It is virtually impossible to get perfect results the first time that a new change is implemented. Any type of UX design takes experimentation and feedback from the users to work out the kinks and to ensure that the best possible processes are chosen and created.
The downside is that this type of trial and error takes time, and time costs money that shareholders or large companies may not be willing to invest without understanding how the process affects the outcome.
There is also a small risk factor to the experimentation process, as sometimes new design changes can break older parts of the software which can cause issues for the way the company does business.
Combined, this can cause the decision-makers within the company to be reluctant to take any chances with the design, and they often opt for the safer but less innovative designs. This often causes lines to be blurred between what stakeholders want and what the users want.
An additional problem arises in that it can be difficult to prove that the money being invested is well-spent since there is little-to-no empirical data to show. This can also cause managers to attempt to micro-manage the process in an attempt to gain clout within the company, which just further serves to hinder progress on the design side.
Some of these problems can be addressed by holding design workshops rather than traditional meetings. This can open the door for executives and stakeholders to ask questions about the aspects of design that they do not fully understand and improves communication between executives and designers. These workshops can also help build trust and cooperation between the groups which can enable some risk-taking and experimentation to take place in the design.
Challenge #4: A Long Release Cycle
The final, and arguably largest challenge that enterprise UX designers face is the extreme length of release cycles. It can take years to design and develop a new enterprise system, particularly if the designers have to work within the confines of a legacy system.
Enterprise design takes so long because the designers have to repeatedly integrate small changes that must be tested and learned from slowly to ensure that they do not accidentally break any of the old, attached programs during the development process. No one wants to ruin an employee’s ability to use the tech while trying to improve the process.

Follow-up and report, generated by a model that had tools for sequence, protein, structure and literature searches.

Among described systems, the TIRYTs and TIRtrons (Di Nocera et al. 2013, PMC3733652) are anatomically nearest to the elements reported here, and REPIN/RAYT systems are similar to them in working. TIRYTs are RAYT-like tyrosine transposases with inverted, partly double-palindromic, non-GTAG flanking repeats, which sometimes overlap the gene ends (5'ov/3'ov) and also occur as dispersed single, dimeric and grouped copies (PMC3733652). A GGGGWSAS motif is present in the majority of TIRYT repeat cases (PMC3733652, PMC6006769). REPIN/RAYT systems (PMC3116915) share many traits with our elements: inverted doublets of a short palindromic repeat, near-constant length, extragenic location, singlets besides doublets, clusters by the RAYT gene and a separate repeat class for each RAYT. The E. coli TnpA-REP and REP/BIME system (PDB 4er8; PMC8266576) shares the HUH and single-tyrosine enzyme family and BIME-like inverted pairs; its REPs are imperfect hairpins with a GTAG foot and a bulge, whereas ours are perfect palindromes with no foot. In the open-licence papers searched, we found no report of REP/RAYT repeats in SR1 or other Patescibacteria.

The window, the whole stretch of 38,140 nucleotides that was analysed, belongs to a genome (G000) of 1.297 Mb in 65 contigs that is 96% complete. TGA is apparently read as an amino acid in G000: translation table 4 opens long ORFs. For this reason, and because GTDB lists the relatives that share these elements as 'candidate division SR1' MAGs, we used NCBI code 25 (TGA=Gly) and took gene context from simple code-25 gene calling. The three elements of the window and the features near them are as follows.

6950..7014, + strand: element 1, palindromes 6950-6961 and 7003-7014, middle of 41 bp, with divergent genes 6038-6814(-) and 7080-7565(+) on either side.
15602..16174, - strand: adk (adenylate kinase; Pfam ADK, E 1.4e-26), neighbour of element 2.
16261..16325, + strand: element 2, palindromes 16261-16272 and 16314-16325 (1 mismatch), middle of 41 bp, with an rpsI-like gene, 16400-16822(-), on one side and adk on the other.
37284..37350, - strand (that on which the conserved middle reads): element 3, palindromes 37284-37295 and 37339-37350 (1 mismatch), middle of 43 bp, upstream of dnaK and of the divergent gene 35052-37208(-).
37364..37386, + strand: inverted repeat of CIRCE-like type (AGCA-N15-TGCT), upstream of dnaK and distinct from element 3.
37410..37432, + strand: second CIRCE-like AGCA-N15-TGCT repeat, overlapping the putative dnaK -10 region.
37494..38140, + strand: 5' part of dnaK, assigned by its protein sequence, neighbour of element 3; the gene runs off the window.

Sometimes, this can cause new and innovative ideas and systems to become outdated, or even obsolete, by the time they are implemented. This leads to further enterprise problems down the line for the next time that the system needs to be updated.
While this is easily the most daunting part of designing for enterprise systems, there are some ways to help streamline the process. Ensure that you have an overall plan for the direction of the new system and make sure that you are showing the next steps in the design process to the people that will be approving them before it is time to start working on them.
By getting approval and validation ahead of time, you can minimize resistance and reduce some delays in the approval process.
The Future of Enterprise UX
Enterprise systems aren’t going anywhere in the near future, so designers must learn to adapt to and overcome the challenges that these systems can provide. Luckily, we are much more aware of the importance of design and usability in addition to function than we were thirty years ago when many of these systems were first established.
Because of that, we can work to ensure that the new systems that we are creating will be efficient, effective, innovative, and flexible enough to be changed and updated further down the line.
In addition, it will benefit designers to become more data-aware to support their requests and changes. By proving the benefits of these updates with data to shareholders and executives, we can eliminate some major roadblocks in the design process.
Finally, by working with the executives and shareholders and including them in the process so that it is no longer an unknown and uncertain process, we can foster trust and cooperation that will allow the process to become more streamlined. Once we begin to work together, rather than against each other, we can finally start to create the enterprise software that we imagine.